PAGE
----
Everywhere there was heat--from the parching sun to the coals blackening barbecued chicken to the blistering Cold War rhetoric of Sen. Barry Goldwater of Arizona, preaching to the Republican faithful gathered today for Sen. John Warner's seventh annual Atoka Farm supper.

Goldwater told reporters that the recent downing of a Korean airliner by a Soviet fighter plane "point s out what a bunch of bastards we're dealing with."

But unlike some right-wing leaders who have criticized President Reagan's response to the incident, Goldwater, 75, said he thought the president has done exactly the right thing.

"I think some of the conservatives are just crazy as hell. What do they want to do--go to war?" Goldwater asked. "If you get right down to it, it was a plane from another country."

Goldwater also applauded actions by Secretary of State George P. Shultz. Before Reagan, he said, " Eisenhower was the last president with a secretary of state who knew what strength was."

Goldwater said that if the country had been strong enough and reacted quickly enough, "there would have been no World War II. . .no Red China. . .and Vietnam would be a great big swamp."

Warner also endorsed the president's actions in response to the destruction of the plane and the deaths of 269 persons on board.

Goldwater told the 3,000 people in the crowd that they should work to reelect Warner to the Senate next year, lest the country "succumb to the desires of the Soviet state" through a return to Democratic control.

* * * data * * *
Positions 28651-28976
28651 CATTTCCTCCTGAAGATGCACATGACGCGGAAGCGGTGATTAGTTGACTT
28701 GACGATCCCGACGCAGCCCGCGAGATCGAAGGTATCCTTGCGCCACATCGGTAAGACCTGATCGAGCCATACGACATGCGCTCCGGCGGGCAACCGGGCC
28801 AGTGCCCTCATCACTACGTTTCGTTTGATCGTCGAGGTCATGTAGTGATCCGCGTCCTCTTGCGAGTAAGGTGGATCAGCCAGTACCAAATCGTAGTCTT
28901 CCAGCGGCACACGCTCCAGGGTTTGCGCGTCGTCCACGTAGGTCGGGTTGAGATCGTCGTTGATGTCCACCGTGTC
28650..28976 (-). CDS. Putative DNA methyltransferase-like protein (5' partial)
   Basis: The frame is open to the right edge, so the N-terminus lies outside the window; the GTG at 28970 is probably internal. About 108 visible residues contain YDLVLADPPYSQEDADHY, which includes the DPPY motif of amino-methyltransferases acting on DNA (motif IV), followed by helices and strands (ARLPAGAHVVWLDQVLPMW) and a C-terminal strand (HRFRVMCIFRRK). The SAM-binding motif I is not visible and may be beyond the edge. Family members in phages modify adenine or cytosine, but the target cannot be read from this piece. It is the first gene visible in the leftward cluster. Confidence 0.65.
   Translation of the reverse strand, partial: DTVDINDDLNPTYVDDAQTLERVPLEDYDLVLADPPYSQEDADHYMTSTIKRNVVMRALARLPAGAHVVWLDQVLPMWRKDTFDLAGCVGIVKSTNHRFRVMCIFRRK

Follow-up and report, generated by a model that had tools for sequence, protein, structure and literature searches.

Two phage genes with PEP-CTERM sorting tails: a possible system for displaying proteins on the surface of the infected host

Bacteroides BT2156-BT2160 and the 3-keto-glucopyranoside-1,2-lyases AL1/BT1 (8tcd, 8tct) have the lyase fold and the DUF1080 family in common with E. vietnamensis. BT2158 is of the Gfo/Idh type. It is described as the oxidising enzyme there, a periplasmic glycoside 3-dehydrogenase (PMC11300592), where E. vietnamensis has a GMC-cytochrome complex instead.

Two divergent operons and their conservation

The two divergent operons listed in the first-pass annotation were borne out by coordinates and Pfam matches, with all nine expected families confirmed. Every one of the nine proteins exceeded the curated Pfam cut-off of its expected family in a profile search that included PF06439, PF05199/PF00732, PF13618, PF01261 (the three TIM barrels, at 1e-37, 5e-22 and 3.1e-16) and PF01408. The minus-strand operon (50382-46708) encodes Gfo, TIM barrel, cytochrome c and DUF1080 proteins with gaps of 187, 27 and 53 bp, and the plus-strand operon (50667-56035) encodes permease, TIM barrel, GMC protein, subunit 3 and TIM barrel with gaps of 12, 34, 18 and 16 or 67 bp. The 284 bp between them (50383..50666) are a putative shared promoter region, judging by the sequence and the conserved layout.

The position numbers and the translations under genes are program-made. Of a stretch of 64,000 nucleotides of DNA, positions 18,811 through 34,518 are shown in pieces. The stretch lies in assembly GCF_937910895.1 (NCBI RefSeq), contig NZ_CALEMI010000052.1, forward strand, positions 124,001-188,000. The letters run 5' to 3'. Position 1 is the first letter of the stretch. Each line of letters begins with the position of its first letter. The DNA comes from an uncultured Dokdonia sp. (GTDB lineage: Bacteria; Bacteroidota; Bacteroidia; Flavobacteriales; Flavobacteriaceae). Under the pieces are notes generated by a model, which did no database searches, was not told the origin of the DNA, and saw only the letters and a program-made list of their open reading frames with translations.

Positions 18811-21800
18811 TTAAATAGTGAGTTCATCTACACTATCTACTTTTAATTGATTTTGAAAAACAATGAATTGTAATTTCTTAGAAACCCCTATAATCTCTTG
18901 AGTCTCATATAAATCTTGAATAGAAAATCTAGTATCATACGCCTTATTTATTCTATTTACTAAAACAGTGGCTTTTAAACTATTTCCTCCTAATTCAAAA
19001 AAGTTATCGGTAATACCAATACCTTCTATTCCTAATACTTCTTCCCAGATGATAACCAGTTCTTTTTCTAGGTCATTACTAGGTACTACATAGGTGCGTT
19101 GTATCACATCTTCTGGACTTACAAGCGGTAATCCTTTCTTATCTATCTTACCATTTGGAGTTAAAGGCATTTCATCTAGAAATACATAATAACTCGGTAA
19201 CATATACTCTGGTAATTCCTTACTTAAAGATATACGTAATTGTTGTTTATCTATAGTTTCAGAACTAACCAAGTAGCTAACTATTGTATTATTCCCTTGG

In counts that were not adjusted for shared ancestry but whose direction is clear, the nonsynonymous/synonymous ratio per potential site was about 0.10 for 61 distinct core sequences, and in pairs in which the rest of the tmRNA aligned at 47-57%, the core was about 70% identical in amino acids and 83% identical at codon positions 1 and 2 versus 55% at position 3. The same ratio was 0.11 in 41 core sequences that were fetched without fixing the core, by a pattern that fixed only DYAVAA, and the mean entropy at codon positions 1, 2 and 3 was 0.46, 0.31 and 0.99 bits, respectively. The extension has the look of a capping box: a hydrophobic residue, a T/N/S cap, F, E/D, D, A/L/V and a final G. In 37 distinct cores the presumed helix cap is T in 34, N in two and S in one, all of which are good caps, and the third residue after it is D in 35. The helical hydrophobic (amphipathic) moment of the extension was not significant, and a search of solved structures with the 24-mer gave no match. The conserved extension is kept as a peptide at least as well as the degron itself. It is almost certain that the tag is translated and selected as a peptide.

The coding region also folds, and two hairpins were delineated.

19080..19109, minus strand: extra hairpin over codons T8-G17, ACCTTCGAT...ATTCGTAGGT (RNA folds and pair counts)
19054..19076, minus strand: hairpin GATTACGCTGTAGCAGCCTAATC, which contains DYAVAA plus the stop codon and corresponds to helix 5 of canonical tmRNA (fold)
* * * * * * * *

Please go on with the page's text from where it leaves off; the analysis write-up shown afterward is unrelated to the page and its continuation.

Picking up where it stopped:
Wearing a blue shirt and tie in the 98-degree heat, Goldwater was besieged by well-wishers as he strolled on the Fauquier County estate with Warner, who was dressed more for the weather in canary yellow pants and open khaki shirt.

Goldwater was the top draw for this year's $30-a-person supper, an event expected to gross about $80,000 for Warner, the Virginia Federation of Republican Women and Republicans in the 7th, 8th and 10th congressional districts.

Other stars in other years have been then-presidential candidate Ronald Reagan in 1980--the last year Warner's former wife, actress Elizabeth Taylor, also attended. Rumors that she would show up this year were just that.

Mixing in the crowd was a gaggle of state and local Republican officeholders and candidates who trooped over the drought-dry grass, shaking hands, smiling and sizing up the crowd.

There was Marshall Coleman, the party's unsuccessful gubernatorial candidate in 1981 who's keeping his options open for '85, just like Rep. Stan Parris and Wyatt Durrette, who lost a 1981 bid for attorney general.

The most talk was about a Republican who wasn't there--former Gov. John N. Dalton, who recently underwent lung surgery for cancer. The GOP nomination "is his for the asking," said Durrette , who along with Parris has said he would not run against Dalton.

Dalton, 52, recuperating in Richmond, called in a reporter this week to say he's recovering nicely and "wants to be a factor" in 1985.

Presidential Press Secretary Jim Brady and his wife Sara helped give the occasion a bit of national prestige, too.

The politicians competed for attention with a giant hot air balloon and bountiful plates of chicken, baked beans, biscuits and even ears of corn trucked in from Pennsylvania because the drought has ruined the corn from the caterer's Virginia farm.

Strollers gulped cold drinks and sought out shade to escape the heat.